Do Cell Phones Cause Cancer?

Being a typical teenager, I am on my phone A LOT. Between texting, calling, social media, and checking my email, I always find some reason to go on my phone. I realized just how much I use it during a sorority meeting last night when our phones were collected to make sure that we would pay attention. I subconsciously reached into my empty pocket multiple times to check the time or my messages, only to come up empty handed. It felt weird being detached from it for more than 5 minutes. As soon as they were given back to us, I knew I was not alone in this feeling as everyone else immediately put their head down and began texting and “snapping” away. Society’s frequent cell phone use has many people worried it may hinder social skills and relationship development, but were you also aware that many people believe frequent cell phone use could have potentially more dangerous effects such as cancer?

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Image found here.

Where does this concern come from? The amount of cell phone users has increased rapidly. As of 2014, there are 327.5 million cell phone subscribers just within the United States alone. Globally, this number is estimated to be 5 billion subscribers. Cell phones use radiofrequency (RF) energy that could potentially be absorbed by the body tissue closest to where the cell phone frequently sits.  This type of energy is is seen as dangerous because it is a type of electromagnetic radiation , found in x- rays and radon. However, energy used to power devices such as cell phones, televisions and radios is non-ionizing radiation meaning it is low frequency and therefore, low energy while x- rays use ionizing radiation which is high energy. While significant exposure to ionizing radiation increases the risk of cancer, studies have found no increased risk of cancer from non- ionizing radiation (  Many different factors play a part in how much energy a person is exposed to when using a cell phone. These factors can include length of time on phone, whether it is close to the head or on speaker phone, distance to nearest cell tower, and type of phone being used. Cell phone producers are required to list the energy absorption rate of their models however, these numbers can many times be misleading. At extremely high levels radiofrequency waves can heat up body tissues however, researchers found that the levels found within cell phones are not high enough to cause any significant heating to body tissue. (American Cancer Society).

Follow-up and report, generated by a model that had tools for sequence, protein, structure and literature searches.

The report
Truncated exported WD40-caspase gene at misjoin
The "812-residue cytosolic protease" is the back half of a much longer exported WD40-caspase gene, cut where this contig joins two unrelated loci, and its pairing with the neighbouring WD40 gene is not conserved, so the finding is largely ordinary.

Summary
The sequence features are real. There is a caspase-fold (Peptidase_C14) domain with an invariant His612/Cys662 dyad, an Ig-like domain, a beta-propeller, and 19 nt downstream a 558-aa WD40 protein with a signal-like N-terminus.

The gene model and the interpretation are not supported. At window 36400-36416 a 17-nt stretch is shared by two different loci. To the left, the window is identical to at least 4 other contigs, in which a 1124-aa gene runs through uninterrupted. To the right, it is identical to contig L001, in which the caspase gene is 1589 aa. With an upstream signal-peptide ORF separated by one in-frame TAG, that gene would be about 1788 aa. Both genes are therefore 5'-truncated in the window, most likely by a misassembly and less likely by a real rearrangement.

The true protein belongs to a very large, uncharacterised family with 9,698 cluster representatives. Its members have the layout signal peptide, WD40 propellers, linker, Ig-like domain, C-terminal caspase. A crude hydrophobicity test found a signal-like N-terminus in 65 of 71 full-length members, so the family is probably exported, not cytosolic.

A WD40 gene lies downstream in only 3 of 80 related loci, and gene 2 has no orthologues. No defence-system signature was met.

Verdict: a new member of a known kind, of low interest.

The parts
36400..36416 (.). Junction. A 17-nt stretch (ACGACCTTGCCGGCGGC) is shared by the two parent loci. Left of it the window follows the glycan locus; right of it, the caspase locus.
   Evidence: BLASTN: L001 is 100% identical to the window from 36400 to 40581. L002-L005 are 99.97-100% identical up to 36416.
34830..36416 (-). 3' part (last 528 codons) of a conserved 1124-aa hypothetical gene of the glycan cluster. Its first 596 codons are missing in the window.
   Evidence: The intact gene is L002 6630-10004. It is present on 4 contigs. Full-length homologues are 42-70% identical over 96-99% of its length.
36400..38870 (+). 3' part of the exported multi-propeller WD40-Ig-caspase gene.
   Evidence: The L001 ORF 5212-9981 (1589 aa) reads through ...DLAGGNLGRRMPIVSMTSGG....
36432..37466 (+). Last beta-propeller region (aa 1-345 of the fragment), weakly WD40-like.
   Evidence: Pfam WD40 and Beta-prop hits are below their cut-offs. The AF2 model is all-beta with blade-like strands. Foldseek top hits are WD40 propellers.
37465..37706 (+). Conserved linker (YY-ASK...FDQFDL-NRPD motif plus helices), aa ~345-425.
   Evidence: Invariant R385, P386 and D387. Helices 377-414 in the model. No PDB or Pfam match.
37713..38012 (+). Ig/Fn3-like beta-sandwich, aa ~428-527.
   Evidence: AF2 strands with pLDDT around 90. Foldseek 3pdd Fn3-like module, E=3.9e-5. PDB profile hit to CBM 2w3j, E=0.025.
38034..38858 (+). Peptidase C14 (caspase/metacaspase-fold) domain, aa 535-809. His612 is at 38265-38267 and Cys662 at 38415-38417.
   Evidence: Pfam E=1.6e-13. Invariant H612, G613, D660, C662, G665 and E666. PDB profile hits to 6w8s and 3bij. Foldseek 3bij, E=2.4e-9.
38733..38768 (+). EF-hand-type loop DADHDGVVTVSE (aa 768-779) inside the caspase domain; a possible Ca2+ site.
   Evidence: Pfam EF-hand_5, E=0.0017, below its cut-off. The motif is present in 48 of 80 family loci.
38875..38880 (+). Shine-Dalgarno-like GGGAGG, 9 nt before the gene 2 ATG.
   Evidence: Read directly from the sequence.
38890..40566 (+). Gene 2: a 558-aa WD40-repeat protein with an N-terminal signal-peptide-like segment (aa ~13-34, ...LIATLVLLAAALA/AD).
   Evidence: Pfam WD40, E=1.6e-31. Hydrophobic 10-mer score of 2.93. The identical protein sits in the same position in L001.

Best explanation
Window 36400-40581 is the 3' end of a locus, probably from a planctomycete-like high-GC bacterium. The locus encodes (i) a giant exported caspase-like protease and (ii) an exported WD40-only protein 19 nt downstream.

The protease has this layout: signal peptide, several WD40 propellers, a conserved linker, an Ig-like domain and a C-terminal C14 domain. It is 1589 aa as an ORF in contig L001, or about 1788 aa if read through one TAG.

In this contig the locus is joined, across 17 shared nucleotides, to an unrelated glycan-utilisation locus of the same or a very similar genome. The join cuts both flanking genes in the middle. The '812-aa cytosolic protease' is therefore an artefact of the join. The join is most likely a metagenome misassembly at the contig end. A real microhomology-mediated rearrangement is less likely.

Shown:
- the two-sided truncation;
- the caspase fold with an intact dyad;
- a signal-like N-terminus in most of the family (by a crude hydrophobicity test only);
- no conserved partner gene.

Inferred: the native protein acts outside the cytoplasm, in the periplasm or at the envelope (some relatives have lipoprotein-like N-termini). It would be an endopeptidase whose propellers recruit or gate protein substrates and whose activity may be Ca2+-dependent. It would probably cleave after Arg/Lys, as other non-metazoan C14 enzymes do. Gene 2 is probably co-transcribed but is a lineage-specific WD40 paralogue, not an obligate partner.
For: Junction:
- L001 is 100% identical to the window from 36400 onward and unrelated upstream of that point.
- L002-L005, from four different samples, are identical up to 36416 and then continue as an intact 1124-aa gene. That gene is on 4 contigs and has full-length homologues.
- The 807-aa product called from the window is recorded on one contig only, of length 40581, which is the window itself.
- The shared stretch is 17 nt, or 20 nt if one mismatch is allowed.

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Due to the frequency of people talking on the phone, meaning the phone is up to one’s head, many studies have been done to test whether this could possibly cause brain tumors. Since 2010, there have been 3 case-control studies which all came back positive in groups with the highest exposure. In 2/3 of those studies, the tumors were located on the same side the cell phone was frequently used however, this study could have been affected by “recall bias” meaning the patients exaggerated the amount of cell phone use. There have also been “Cohort” studies which follow people without tumors to test whether cell phones really do create a potential risk. All results in this study were found to be negative. The International Agency for Research on Cancer has ruled that the data shows no real risk of cancer/ tumors presented by frequent cell phone use. There is still a correlation between the two, but no evidence suggests that cell phone use is the cause meaning a confounding variable plays a role (Scientific American).

Should you throw away your cell phone? Probably not. Should you pay attention to the amount of time per day you use it? Maybe. Aside from there being a correlation to significant cellphone use and cancer, going on your cellphone all the time hinders social skills and relationship growth. Maybe once in a while, put your phone down and talk to someone in person. It could potentially save your life.


5 thoughts on “Do Cell Phones Cause Cancer?

  1. Mairead Donnard

    This blog post was so interesting! I know that during the day, I find myself checking my phone all the time to reply to snapchats and texts. Honestly, I spend too much time on my phone. With this being said, I think that one would have to be using their phone for an extended period of time for there to be any negative impact that could cause a tumor. Therefore, I do not think that there is an actual correlation between cell phone usage and cancer but I do think that it is healthy to remain on cell phones in general. They are not natural and extremely distracting, especially from learning. Here is an interesting article that talks about the distraction of technology: . It talks about the possibility of getting rid of cell phones in classrooms and while I think that would be nice, it is not realistic. In the end, if one does not want cell phones to be a distraction, they must show self-control.